In an action to recover damages for injury to real property, the plaintiff appeals from an order of the Supreme Court, Suffolk County (Cohalan, J.), dated June 22, 2007, which granted the separate motions of the defendant Berkoski Oil Company and the defendant Security Communications Audio Network Corporation, a/k/a S.C.A.N. Security, to dismiss the complaint pursuant to CPLR 3216 on the ground of spoliation of evidence.
Published by New York State Law Reporting Bureau pursuant to Judiciary Law § 431.
This opinion is uncorrected and subject to revision before publication in the Official Reports.
STEVEN W. FISHER, J.P., RUTH C. BALKIN, WILLIAM E. McCARTHY and JOHN M. LEVENTHAL, JJ.
ORDERED that the order is modified, on the facts and in the exercise of discretion, by deleting the provisions thereof granting the motions to dismiss the complaint and substituting therefor provisions granting the motions only to the extent of precluding the plaintiff from offering evidence at trial based upon any inspection of the subject pipe, and directing that an adverse inference charge be given at trial, and otherwise denying the motions; as so modified, the order is affirmed, with one bill of costs to the plaintiff.
In March 2003 the owners of a home located in Bridgehampton discovered that their premises had sustained extensive water damage. The owners made claim under their homeowner's insurance policy which was underwritten by the plaintiff, Utica Mutual Insurance Company, and which ultimately paid out more than $700,000 on the claim. In 2004 the plaintiff commenced this action against the defendant Berkoski Oil Company (hereinafter Berkoski), which had contracted with the owners to automatically deliver fuel oil to the premises, and against the defendant Security Communications Audio Network Corporation, a/k/a S.C.A.N. Security (hereinafter SCAN), which had installed and was responsible for monitoring a "low temperature sensor alarm" as part of a general home security system at the premises. Claiming that water infiltrated and damaged the property as a result of a pipe which burst when the temperature inside the house became too low, the verified complaint attributed liability to the defendants, alleging that Berkoski allowed the heating oil to run out, and that SCAN failed to properly monitor the low temperature Sensor alarm at the premises.
Shortly after commencement of this lawsuit, Berkoski served a discovery demand for the production of, among other things, the "pipe which burst." However, despite additional requests from defense counsel with respect to this evidence, as well as a court directive in a preliminary conference order, the plaintiff never produced the pipe nor otherwise confirmed its whereabouts. The defendants then separately moved to dismiss the complaint pursuant to CPLR 3126 based upon spoliation of evidence. The Supreme Court granted the motions, and we modify.
The Supreme Court is empowered with "broad discretion in determining the appropriate sanction for spoliation of evidence" (De Los Santos v Polanco, 21 AD3d 397; see Iamceli v General Motors Corp., 51 AD3d 635; Dennis v City of New York, 18 AD3d 599, 600; Barahona v Trustees of Columbia Univ. in City of N.Y., 16 AD3d 445, 445-446). "When a party negligently losses or intentionally destroys key evidence, thereby depriving the non-responsible party from being able to prove its claim or defense, the responsible party may be sanctioned by the striking of its pleading" (Denoyelles v Gallagher, 40 AD3d 1027; see Baglio v St. John's Queens Hosp., 303 AD2d 341, 342-343; Madison Ave. Caviarteria v Hartford Steam Boiler Inspection & Ins. Co., 2 AD3d 793, 796).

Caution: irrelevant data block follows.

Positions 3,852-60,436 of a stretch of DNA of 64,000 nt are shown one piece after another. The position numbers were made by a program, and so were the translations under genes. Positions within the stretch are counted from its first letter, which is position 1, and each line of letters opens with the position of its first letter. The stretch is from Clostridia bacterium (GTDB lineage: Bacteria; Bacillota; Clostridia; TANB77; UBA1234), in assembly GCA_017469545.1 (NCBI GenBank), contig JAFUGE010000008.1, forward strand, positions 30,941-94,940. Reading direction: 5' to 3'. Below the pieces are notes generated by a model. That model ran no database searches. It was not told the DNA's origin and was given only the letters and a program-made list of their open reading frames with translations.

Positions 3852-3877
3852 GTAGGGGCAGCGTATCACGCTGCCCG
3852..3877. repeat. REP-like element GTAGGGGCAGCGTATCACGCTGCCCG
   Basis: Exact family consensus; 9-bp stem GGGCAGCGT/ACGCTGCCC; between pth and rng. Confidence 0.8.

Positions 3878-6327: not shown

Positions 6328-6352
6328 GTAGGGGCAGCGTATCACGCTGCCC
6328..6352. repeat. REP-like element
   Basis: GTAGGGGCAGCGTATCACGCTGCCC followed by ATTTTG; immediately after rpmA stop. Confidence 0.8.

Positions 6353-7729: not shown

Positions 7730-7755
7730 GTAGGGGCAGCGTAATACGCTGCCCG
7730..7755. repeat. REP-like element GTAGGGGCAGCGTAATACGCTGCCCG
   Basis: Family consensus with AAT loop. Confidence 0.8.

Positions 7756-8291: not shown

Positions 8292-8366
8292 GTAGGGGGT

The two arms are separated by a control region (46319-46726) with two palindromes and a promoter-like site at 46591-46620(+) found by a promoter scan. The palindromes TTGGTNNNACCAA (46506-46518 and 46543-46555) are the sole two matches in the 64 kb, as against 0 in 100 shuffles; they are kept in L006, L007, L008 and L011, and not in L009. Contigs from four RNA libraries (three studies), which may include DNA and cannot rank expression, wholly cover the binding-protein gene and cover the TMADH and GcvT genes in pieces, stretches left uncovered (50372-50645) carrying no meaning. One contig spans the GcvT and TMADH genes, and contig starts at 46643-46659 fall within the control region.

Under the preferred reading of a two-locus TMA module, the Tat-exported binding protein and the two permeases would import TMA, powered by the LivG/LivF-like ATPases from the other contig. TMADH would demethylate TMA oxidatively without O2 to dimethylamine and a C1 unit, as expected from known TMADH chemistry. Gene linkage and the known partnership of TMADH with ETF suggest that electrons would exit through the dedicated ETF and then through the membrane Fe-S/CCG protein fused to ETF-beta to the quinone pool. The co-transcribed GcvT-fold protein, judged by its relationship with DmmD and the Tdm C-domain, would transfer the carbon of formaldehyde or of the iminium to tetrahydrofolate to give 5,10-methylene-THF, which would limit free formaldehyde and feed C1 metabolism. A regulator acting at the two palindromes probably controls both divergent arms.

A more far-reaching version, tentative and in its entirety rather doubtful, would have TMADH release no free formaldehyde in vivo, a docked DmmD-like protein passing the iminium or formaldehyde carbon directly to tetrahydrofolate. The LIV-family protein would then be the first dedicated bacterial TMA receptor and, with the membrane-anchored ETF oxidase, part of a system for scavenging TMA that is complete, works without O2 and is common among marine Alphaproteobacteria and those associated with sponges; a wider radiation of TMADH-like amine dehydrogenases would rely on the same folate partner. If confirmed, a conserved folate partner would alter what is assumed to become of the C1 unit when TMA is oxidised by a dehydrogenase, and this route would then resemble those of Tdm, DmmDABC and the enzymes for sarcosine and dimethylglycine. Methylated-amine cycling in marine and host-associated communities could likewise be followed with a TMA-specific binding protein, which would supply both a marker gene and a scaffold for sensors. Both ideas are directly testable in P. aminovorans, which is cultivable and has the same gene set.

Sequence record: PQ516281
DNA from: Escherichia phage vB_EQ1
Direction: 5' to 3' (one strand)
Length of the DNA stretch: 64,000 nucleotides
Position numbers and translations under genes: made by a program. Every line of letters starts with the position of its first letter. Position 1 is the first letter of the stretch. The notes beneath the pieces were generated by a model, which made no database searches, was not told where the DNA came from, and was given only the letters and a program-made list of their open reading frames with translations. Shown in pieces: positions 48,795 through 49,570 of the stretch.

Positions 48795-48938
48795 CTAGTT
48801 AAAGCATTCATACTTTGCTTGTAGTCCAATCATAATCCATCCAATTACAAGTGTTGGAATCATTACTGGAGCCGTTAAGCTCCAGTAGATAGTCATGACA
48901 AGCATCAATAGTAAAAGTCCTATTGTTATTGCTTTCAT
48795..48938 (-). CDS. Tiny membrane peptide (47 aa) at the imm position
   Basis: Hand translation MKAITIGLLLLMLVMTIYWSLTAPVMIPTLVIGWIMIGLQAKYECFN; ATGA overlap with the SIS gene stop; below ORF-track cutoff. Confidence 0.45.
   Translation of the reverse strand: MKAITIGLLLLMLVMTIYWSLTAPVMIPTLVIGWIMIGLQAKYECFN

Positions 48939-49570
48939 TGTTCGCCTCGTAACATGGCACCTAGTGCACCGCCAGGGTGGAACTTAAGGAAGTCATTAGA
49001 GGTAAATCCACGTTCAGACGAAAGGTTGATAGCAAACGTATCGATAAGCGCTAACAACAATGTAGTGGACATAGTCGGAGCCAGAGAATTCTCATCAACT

The party requesting sanctions for spoilation has the burden of demonstrating that a litigant intentionally or negligently disposed of critical evidence, and "fatally compromised its ability to defend [the] action" (Lawson v Aspen Ford, Inc., 15 AD3d 628, 629; see Kirschen v Marino, 16 AD3d 555, 555-556). However, "striking a pleading is a drastic sanction to impose in the absence of willful or contumacious conduct," and, thus, the courts must "consider the prejudice that resulted from the spoliation to determine whether such drastic relief is necessary as a matter of fundamental fairness" (Iannucci v Rose, 8 AD3d 437, 438; see Favish v Tepler, 294 AD2d 396, 397). When the moving party is still able to establish or defend a case, a less severe sanction is appropriate (see De Los Santos v Polanco, 21 AD3d at 398; Iannucci v Rose, 8 AD3d at 438; Favish v Tepler, 294 AD2d at 397).
Here, the Supreme Court improvidently exercised its discretion in imposing the sanction of dismissing the complaint, as the defendants failed to establish that the plaintiff disposed of the subject plumbing pipe intentionally or in bad faith, or that loss of evidence leaves them without a means to defend the action (see Cohen v Jordan Servs., Inc., 49 AD3d 680, 681; Kerman v Friedman v C.P.A., P.C., 21 AD3d 997, 999; Lawson v Aspen Ford, Inc., 15 AD3d at 629-630; Vaughan v City of New York, 201 AD2d 556, 558). The plaintiff's negligent disposal of the subject pipe prejudiced all parties, but does not prevent the defendants from defending against the negligence claims in the complaint. Under these circumstances, the Supreme Court should have sanctioned the plaintiff by precluding it from offering evidence at trial of any inspection it conducted of the subject pipe and granting an adverse inference charge against it (see Iamceli v General Motors Corp., 51 AD3d at 635; Yechieli v Glissen Chem. Co., Inc., 40 AD3d 988, 989; Molinari v Smith, 39 AD3d 607, 608; Jordan v Doyle, 24 AD3d 107; Ifraimov v Phoenix Indus. Gas, 4 AD3d 332, 334).
FISHER, J.P., BALKIN, McCARTHY and LEVENTHAL, JJ., concur.
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